Accessing and using astronomical data from Python: a series of Jupyter notebooks tutorials#

This website contains the Jupyter-notebook tutorials hosted by the Strasbourg Astronomical Data center CDS.

All tutorials here illustrate how astronomers can search, find, and access data they need from archives across the world. We offer a focus on archives compliant with Virtual Observatory (VO) protocols and standards, as defined by the International Virtual Observatory Alliance (IVOA).

Some tutorials hosted here are based on EURO-VO tutorials and were translated into python tutorials. The original version usually has the same or a similar name.

List of tutorials#

The tutorials come in a recommended order ranging from basic usage to more advanced examples.

Need help?#

Don’t hesitate to ask a question in the Q&A of our Discussions section.


IVOA Standards#

  • HiPS: Hierarchical Progressive Surveys - efficient tiling systems to serve (all-sky) imaging surveys, cubes or catalogues, the user only downloads and sees what they are interested in and the more they zoom the more they see, more information here

  • MOC also SMOC: MultiOrder Coverage map (or Space MultiOrder Coverage) - efficient way of describing arbitrary patches of the sky, logical operations such as union, intersection of MOC can be calculated, tables can be filtered by MOCs, more information here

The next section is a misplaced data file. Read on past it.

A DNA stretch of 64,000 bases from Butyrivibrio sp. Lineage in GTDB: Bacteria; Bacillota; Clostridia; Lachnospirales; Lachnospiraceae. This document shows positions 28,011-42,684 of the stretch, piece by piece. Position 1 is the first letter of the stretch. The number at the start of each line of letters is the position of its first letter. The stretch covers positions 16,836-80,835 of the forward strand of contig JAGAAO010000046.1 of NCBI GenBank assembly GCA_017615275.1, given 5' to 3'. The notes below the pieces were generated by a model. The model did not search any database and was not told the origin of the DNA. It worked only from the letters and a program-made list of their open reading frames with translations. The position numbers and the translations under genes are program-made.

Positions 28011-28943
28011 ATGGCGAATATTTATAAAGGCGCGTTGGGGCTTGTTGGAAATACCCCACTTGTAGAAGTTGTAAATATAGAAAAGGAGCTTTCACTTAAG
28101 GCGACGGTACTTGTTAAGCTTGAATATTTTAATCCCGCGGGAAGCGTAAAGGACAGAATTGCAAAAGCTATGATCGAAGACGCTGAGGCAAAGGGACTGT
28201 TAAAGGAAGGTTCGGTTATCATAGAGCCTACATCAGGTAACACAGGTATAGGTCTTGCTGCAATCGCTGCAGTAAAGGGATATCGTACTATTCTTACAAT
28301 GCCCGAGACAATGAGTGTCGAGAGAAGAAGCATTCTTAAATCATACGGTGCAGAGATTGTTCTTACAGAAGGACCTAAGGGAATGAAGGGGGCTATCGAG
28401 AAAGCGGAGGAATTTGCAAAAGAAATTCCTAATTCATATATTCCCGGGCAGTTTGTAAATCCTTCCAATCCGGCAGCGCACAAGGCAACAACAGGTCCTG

• STMOC: Space-Time MultiOrder Coverage map - is a MOC that encompasses time information.

  • SSA: Simple Spectral Access protocol to access spectrums, more information here

  • SAMP: Simple Application Messaging Protocol - a messaging system to share information between different astronomical softwares, such as python, Aladin, Topcat, etc. more information here

CDS Services#

  • Simbad: dynamic astronomical database of objects appearing in scientific publications, updated every working day,

  • Aladin: an interactive sky atlas,

  • Vizier: a collection of published astronomical catalogues,

  • Xmatch: an efficient cross-matching tool between very large catalogues,

  • MOCpy: a python library allowing MOC manipulation


To execute the tutorials on you own machine, you’ll need to install the dependencies in the requirements.txt of the GitHub repository. All the tutorials are currently tested with python versions python on the following operating systems ubuntu windows mac-os.

This can be done from the command line like so:

  1. In the desired location, copy (a.k.a. clone) the tutorials from GitHub

> git clone
  1. Install the required dependencies

> pip install -r requirements.txt

This will ask pip to retrieve each of the packages listed in the requirements.txt file.

  1. You’re ready!

You can also explore the tutorials in an interactive environnement where the code can be executed and modified following this link Binder